We have abandoned so many good solutions that I hesitate to think that there could be a new one anywhere on the shelves of the Ministry of Finance and Economic Planning. Why do we still not have the right to tailor a Private Member Bill in Parliament? Why is the Attorney General still not an independent unit? Why is Decentralization still a problem? Why have we not started implementing the Constitutional Review Commission recommendations? Why do we still not vote for our DCEs and MCEs? Why can CHRAJ still not prosecute its findings but can only refer to the AG? Why do we still not have a Freedom of Information Act? Why do we still have social protection programs we cannot afford? Why are the streets of Accra still potholed and without paving? Why are interest rates still so high? And why are we still transacting with so much cash?

I could go on and on, but really, WHY?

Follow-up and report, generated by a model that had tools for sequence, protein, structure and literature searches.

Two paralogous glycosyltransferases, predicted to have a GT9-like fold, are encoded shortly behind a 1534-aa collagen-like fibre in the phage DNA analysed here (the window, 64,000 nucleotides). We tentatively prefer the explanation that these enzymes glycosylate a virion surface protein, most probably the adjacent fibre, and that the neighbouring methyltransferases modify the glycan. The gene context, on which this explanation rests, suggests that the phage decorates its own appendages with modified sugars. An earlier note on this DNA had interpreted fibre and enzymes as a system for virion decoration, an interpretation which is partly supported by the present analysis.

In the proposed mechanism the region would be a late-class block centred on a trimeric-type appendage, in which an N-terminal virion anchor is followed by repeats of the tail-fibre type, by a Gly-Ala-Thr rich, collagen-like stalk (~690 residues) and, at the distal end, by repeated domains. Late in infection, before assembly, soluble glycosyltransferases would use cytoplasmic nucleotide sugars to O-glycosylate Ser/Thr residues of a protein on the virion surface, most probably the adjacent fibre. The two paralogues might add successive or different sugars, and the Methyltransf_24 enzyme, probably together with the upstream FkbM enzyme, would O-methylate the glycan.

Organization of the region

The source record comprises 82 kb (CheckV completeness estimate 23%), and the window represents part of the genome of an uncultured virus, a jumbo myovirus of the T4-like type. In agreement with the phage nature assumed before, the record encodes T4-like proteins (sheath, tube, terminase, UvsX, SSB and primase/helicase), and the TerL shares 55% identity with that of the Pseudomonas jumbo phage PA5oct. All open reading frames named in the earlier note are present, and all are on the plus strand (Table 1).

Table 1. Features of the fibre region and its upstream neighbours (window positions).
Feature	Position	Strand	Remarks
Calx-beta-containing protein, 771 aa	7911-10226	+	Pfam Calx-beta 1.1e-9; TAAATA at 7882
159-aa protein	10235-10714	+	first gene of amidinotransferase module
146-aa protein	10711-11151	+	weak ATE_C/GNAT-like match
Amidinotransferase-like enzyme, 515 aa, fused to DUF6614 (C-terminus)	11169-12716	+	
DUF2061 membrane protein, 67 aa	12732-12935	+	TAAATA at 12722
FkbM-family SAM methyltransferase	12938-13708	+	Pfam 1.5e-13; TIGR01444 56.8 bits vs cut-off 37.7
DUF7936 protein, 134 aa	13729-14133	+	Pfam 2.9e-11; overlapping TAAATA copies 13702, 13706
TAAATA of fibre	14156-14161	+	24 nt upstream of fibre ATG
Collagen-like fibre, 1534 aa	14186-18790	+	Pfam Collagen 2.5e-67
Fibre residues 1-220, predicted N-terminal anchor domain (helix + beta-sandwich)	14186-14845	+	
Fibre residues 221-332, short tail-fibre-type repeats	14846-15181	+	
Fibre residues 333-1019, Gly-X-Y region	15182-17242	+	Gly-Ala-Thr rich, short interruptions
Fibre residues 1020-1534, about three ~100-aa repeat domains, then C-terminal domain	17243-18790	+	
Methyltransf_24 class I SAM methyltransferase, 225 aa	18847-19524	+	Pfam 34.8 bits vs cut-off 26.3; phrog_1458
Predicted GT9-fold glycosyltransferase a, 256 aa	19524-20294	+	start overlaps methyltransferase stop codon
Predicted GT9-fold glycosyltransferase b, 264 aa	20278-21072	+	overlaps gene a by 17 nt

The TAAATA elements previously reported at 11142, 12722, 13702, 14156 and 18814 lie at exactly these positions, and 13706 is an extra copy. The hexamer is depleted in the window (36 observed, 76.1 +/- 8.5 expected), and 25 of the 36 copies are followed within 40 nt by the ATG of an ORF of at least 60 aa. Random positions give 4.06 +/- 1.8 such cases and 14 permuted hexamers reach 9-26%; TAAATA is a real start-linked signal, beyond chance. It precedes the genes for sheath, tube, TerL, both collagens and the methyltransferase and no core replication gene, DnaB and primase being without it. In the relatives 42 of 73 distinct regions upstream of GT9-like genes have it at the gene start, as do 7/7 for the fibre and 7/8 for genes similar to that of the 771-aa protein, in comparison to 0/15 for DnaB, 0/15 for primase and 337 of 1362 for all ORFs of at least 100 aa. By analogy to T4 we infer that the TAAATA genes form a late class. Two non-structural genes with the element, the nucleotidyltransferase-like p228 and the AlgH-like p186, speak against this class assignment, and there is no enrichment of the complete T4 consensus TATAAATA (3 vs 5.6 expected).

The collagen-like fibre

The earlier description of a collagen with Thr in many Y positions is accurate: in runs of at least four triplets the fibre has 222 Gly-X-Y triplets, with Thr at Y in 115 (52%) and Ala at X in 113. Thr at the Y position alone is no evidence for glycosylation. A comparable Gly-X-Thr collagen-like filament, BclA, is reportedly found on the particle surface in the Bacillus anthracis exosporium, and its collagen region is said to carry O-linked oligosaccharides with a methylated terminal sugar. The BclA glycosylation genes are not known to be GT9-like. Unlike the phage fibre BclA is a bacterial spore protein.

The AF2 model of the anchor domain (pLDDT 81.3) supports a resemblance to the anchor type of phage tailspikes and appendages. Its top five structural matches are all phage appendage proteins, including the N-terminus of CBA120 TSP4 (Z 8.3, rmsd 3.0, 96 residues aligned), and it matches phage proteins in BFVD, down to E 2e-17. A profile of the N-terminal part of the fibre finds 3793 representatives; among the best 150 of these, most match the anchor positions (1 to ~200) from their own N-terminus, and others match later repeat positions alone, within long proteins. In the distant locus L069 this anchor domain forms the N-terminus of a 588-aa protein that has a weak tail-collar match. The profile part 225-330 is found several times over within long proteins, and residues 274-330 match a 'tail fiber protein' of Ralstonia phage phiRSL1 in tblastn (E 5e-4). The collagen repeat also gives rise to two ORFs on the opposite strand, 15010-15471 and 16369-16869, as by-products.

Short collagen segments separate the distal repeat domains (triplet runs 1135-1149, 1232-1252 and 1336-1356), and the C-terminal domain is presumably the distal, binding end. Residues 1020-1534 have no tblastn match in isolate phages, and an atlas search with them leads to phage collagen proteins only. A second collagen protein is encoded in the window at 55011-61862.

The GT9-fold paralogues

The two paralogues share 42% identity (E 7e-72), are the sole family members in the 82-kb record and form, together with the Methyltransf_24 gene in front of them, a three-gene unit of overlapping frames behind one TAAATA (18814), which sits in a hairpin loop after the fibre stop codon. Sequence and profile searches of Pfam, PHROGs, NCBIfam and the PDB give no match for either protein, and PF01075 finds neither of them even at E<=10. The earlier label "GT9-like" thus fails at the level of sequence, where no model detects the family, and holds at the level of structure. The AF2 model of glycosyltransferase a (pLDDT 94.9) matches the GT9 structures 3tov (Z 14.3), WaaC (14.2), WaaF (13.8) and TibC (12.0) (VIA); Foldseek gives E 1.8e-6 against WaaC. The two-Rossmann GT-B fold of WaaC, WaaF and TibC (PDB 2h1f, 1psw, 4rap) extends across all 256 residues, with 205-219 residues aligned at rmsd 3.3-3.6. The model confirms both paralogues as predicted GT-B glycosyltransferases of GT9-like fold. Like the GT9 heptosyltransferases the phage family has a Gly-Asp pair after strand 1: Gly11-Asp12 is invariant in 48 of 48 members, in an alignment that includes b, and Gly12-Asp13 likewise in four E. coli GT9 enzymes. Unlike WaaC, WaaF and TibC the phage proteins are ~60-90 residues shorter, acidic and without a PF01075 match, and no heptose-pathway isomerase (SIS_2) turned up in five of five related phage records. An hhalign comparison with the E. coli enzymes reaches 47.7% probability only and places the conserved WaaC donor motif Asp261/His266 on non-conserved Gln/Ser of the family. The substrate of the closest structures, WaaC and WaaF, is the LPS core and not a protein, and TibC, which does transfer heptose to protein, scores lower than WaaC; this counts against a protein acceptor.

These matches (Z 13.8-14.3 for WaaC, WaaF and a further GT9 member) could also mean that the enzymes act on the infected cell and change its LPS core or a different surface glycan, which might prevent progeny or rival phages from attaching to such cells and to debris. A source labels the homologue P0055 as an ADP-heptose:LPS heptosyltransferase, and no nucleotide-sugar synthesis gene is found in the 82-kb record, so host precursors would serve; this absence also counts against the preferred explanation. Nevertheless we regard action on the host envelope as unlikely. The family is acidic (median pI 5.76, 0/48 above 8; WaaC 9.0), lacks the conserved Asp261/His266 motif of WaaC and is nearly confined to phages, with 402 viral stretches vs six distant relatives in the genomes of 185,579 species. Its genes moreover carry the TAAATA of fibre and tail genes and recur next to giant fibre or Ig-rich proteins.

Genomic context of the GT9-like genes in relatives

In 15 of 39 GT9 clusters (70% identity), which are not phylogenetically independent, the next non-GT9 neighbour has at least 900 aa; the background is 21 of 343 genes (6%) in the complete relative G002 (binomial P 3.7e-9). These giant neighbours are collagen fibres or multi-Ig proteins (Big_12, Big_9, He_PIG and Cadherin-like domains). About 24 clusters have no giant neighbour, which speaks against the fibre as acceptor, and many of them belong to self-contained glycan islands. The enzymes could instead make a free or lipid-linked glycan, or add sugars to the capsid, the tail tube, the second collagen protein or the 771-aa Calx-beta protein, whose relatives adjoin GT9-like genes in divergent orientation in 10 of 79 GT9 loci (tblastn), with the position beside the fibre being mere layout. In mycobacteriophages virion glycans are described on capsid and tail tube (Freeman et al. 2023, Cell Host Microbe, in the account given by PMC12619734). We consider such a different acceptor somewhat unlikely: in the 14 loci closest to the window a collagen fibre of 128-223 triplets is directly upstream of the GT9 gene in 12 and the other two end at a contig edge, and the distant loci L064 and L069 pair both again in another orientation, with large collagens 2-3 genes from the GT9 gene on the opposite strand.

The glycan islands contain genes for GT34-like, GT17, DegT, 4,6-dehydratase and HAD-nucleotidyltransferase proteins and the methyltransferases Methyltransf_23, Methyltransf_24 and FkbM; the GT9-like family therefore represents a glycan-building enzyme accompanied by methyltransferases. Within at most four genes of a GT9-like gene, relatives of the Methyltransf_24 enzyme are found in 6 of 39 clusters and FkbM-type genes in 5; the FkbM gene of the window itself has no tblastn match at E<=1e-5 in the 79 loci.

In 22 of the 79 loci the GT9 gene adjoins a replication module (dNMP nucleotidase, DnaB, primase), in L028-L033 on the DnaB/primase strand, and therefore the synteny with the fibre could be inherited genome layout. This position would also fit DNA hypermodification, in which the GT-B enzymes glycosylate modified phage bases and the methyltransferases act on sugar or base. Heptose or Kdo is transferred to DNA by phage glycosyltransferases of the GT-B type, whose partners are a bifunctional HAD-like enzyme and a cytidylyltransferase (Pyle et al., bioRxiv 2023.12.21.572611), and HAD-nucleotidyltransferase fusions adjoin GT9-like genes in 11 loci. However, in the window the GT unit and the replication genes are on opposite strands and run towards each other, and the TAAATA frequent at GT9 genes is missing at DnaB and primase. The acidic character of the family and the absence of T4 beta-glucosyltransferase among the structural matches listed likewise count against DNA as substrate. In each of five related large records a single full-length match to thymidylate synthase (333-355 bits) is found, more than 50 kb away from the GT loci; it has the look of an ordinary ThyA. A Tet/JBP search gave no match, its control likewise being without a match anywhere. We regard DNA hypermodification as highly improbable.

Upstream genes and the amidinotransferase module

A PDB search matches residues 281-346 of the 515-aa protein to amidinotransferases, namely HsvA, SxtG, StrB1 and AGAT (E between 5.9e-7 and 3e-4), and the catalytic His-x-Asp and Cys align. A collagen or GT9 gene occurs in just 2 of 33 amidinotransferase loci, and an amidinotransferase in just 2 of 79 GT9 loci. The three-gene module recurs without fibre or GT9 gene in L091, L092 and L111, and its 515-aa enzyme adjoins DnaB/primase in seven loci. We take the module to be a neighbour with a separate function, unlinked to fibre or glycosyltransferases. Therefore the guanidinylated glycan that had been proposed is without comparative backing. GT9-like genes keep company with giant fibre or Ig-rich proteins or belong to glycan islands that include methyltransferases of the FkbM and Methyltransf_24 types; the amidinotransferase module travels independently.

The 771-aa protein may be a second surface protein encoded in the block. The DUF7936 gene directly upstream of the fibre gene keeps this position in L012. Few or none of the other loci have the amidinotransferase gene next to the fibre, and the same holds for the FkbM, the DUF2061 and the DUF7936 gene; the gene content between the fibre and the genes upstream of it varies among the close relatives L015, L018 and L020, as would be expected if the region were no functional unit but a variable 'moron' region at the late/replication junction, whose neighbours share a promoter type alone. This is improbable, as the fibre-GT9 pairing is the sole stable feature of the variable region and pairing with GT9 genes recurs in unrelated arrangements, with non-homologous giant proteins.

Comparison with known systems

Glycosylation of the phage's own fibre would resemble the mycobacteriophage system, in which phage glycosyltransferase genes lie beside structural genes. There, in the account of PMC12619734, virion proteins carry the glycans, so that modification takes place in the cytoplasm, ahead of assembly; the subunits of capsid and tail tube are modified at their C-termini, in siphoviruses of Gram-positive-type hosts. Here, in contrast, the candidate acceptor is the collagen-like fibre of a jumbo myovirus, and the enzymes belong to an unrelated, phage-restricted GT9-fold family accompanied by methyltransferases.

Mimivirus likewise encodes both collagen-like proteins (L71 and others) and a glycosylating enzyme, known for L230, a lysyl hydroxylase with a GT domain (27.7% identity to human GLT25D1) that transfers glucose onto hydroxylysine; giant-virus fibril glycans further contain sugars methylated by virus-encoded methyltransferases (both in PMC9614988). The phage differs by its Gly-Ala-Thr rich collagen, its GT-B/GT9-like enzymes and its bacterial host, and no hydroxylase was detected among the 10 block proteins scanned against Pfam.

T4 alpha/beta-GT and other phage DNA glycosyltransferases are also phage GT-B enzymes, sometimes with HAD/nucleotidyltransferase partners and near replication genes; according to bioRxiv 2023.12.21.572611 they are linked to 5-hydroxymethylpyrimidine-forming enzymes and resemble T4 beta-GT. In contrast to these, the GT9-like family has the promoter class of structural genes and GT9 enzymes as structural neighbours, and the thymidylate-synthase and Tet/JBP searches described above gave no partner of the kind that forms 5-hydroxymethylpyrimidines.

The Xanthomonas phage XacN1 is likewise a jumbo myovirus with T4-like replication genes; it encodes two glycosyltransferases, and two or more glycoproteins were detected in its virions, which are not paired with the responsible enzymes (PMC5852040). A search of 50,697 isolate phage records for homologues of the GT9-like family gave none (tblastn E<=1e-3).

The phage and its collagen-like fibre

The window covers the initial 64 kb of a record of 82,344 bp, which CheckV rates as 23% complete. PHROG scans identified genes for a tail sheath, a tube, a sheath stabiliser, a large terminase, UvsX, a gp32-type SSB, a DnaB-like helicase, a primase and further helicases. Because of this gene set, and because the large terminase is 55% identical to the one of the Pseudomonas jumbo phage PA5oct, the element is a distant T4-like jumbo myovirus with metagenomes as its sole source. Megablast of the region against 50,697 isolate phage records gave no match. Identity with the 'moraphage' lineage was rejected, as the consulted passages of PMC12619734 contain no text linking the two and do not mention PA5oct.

These solutions are not cash intense solutions. They need a Parliament that is active and focused. Where is this inertia coming from except protecting civil servant’s pockets and fattening politicians in every way possible?

There has to be an answer and Dr. Tony Aidoo couldn’t have made it clearer when he complained about the lack of funding for his no-gain unit. I don’t know what Tony Aidoo does. His statement that if the late President Mills created the unit in order to reward him, is probably most accurate, and he therefore begs to jump ship, is a welcome one. If President Mahama shuts the unit down, he will save upwards of $2million for staff who create no benefit for the people of Ghana. There are most certainly other units like Dr. Aidoo’s within the Presidency.

That M&E unit itself is nefarious. Why should we have an independent monitoring and evaluation unit when all the Ministries have such an attached department and the President’s office is so powerful it can ask for any information in any format and it will be provided pronto pronto. It is no joke, but he needs to go get a proper job and save Ghana the unnecessary.